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Last Updated: Tuesday, 24 January 2006, 11:13 GMT
Farm subsidies system criticised
Cow - generic
The NFU passed a vote of no confidence in the RPA.
A Commons committee has accused the government of bungling, complacency and wasting public money over a new system of paying subsidies to English farmers.

It will mean farmers receive one annual sum instead of a series of payments.

The Environment, Food and Rural Affairs Committee said the cost of an IT system for the scheme had doubled and farmers were unsure when they would be paid.

Rural Affairs Minister Lord Bach said he was "acutely aware" of the payments' importance and denied being complacent.

The new system works out what subsidy each farm should get according to past receipts and their land area.

It would be unacceptable if farms were put out of business due to delays by the RPA in making payments
Efra committee report

In its interim report, the committee said the cost of an IT system for the Department for Environment, Food and Rural Affairs (Defra) to process the Single Farm Payments had increased from 18.1m to 37.4m.

Defra's Rural Payments Agency (RPA) aims to start making the payments in February and to have paid 96% of eligible farmers by the end of March.

The Environment, Food and Rural Affairs Committee (Efra) launched an inquiry into the new scheme in October over concerns the March deadline would be missed.

Its report found Defra gave "insufficient consideration" to the complexity of the subsidy scheme and failed to anticipate an increase in claims from farmers.

RPA witnesses also said the fact that IT supplier Accenture had been developing systems for outdated Common Agricultural Policy schemes had contributed to the IT budget overrun.

Delay?

When Lord Bach appeared before the committee on 11 January, he could not confirm exactly when full payments would be made or whether farmers would be given partial payments if there was a delay.

At the time, Lord Bach said his discussions with banks had suggested no "viable" business would fail as a direct consequence of a delay in payment.

However, the MPs' report said late payments could cost farmers an extra 25m in interest to banks.

"It would be unacceptable if farms were put out of business due to delays by the RPA in making payments, and the government should make clear what steps it intends to take to ensure that this does not happen," it said.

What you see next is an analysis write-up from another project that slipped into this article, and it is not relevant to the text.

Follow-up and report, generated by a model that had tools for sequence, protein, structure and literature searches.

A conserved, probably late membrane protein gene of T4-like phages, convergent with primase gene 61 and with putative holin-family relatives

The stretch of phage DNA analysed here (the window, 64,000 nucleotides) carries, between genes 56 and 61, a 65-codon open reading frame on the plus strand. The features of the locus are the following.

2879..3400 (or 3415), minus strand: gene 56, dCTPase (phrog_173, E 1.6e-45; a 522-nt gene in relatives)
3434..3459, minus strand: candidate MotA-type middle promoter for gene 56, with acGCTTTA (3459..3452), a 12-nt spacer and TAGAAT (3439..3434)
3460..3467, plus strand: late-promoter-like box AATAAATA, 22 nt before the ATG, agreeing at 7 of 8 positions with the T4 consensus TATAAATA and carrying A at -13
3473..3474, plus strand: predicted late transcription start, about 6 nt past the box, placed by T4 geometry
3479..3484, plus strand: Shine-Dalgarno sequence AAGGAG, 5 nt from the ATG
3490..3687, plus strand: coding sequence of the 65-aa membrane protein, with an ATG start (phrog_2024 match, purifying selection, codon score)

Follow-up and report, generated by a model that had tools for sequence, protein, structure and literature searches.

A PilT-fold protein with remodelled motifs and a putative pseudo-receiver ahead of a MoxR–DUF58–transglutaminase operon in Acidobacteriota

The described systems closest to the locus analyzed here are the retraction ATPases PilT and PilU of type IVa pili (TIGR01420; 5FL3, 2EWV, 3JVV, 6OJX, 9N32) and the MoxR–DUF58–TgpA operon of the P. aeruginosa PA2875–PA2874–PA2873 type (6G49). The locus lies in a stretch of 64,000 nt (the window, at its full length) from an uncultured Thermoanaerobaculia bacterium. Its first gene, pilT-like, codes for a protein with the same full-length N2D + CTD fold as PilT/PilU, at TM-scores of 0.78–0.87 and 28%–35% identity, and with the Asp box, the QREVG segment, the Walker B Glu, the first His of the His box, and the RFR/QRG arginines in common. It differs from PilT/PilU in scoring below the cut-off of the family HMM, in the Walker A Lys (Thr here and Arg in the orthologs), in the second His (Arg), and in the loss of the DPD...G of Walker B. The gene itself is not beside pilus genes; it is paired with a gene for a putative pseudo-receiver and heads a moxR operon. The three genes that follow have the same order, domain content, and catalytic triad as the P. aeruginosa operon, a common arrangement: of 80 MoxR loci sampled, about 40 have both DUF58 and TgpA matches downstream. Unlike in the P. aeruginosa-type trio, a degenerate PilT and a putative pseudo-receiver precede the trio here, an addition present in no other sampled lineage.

I am deeply disappointed with the timing of this report which could create unfounded alarm and uncertainty in the farming community
Lord Bach
Rural affairs minister

In response, Lord Bach said the committee's report would be considered in detail.

But he added: "I am deeply disappointed with the timing of this report which could create unfounded alarm and uncertainty in the farming community.

Lord Bach said a number of the report's assertions were "utter nonsense".

"I am acutely aware of the importance these payments have for farmers' livelihoods and have been working closely with the RPA, the NFU, farmers, banks and others to ensure payments are made on the date we have promised and wider concerns addressed."

Lord Bach said the government had said it would start the payments at the end of February and that it would do everything in its power to ensure the deadline was met.

Speaking on BBC Radio Four's Today programme, he said: "This interim report, which misquotes me on three occasions in 14 pages, is rather shoddy and really isn't up to the normal standards of Efra."

Lord Bach added he was "not happy" with the increase in budget.

'Massive burden'

National Farmers' Union (NFU) president Tim Bennett said the government needed to set out plans to ensure farmers did not go out of business.

"The RPA's bungling has placed a massive financial burden on individual farmers and that some are in grave danger of sinking as a result," he said.

Last week, the NFU passed a vote of no confidence in the RPA and Lord Bach over the administration of subsidies.

Shadow agriculture minister Jim Paice welcomed the report as a "robust condemnation" of a "chaotic system".

"The committee has rightly recognised that the responsibility of introducing an immensely complicated system and expanding it to thousands of previously unregistered land owners, whilst forcing it into place at the earliest opportunity, lies clearly with [Margaret] Beckett and her ministers," he said.




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